Saturday, 20 January 2018

"Vitsvit" ("White Blight") by Athena Farrokhzad

It's very shiny and difficult to capture with a camera - but the content is at least as fantastic. It's the first poetry book I have liked from cover to cover, ever. I want to learn almost every phrase. Short and deep. Short and poetic, not all poetry is. Identity, language, family, war - I am with her, I understand her mother, I understand her father, I understand her grandmother and I understand her uncle and brother. They are the voices that speak, and ask her - who's father are you writing about? I want to be buried in a country where people can pronounce my name. Only when you have buried your mother there, can you call the country yours. AND OTHER WISDOM.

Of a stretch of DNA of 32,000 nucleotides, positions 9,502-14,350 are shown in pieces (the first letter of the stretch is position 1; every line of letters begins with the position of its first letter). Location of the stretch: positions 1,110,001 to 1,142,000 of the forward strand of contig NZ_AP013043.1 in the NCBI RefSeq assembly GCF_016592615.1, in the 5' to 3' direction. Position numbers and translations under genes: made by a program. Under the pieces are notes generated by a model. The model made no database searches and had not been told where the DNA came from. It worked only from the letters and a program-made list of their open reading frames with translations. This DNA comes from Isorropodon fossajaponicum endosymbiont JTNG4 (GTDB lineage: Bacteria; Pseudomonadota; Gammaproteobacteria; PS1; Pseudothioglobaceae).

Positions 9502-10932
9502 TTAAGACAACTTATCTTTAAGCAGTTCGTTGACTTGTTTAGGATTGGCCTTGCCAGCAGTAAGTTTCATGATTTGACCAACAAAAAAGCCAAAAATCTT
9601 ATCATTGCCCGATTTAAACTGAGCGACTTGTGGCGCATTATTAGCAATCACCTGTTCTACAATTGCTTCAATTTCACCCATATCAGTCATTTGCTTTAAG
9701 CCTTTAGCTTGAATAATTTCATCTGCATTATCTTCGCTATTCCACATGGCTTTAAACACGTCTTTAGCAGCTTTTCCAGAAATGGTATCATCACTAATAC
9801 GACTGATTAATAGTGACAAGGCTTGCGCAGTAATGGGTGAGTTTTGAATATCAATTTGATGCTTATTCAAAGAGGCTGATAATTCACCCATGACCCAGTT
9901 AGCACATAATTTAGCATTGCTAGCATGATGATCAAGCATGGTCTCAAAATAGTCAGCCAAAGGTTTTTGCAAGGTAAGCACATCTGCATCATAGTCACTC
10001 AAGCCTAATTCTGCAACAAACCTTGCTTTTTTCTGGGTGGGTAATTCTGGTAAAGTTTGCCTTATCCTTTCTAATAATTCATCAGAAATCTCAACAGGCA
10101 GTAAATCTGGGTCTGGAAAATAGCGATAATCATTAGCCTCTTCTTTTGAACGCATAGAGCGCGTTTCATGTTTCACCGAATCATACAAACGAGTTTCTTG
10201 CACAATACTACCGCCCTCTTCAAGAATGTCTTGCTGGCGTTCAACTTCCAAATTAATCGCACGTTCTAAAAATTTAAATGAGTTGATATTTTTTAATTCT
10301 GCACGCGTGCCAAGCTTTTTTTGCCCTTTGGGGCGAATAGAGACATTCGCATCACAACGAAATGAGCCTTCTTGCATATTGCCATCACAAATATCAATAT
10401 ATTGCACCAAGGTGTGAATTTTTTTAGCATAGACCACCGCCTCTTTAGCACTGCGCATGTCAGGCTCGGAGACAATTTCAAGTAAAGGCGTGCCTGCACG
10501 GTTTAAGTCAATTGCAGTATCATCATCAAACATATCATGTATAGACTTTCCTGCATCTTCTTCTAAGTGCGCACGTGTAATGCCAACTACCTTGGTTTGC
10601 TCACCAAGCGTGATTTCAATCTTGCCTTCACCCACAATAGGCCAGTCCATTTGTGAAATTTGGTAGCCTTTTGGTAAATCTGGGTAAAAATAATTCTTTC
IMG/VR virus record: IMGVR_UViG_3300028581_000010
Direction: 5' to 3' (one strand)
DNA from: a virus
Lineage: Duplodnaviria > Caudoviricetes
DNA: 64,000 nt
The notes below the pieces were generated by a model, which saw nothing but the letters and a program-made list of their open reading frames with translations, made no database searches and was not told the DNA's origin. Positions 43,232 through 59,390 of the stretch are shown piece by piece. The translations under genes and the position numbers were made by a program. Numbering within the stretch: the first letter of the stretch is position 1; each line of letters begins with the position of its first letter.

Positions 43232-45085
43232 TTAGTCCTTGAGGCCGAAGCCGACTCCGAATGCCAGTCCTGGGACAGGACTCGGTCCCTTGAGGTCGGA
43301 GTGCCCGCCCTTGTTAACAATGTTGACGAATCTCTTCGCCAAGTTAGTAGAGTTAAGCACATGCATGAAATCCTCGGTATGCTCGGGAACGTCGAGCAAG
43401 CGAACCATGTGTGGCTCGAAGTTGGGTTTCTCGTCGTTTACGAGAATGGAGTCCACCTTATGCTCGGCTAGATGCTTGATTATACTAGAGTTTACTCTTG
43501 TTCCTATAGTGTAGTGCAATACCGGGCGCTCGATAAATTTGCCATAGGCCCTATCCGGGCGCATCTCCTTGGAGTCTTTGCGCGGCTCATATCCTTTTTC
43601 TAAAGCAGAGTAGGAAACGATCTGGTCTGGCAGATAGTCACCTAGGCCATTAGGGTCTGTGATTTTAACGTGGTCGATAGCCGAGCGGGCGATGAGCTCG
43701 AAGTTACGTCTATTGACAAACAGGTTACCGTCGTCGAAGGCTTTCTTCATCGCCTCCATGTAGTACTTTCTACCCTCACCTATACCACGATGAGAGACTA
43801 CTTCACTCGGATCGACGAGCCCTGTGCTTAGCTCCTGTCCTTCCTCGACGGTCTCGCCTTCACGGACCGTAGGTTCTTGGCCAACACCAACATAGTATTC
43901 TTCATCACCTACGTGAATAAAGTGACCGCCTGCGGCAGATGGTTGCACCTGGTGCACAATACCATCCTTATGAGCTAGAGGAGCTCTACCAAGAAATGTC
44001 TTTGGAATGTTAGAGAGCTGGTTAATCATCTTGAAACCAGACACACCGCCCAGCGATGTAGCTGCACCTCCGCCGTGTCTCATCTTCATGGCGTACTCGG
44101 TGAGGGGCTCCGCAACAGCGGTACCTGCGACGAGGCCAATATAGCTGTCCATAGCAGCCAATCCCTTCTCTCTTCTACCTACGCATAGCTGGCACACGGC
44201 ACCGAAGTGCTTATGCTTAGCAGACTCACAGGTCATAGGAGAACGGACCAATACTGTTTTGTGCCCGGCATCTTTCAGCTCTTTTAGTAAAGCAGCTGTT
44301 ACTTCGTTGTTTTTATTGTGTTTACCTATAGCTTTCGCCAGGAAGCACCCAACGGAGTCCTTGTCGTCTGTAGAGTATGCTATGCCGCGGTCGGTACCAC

In high school, we got the task to work with Geoffrey Chaucer's work. I found his English books and while waiting for the translation to come from a different library, which would happen next week, I translated it myself. This is work behind the scenes teachers had no idea about. Then came the official, brilliant and intricate translation and I saw, with the the very experienced eye of a 17 year old, that my attempts were fair but should for equally fair reasons be ignored. My point is: you just witnessed an impovement of a brief translation session more than a decade later.

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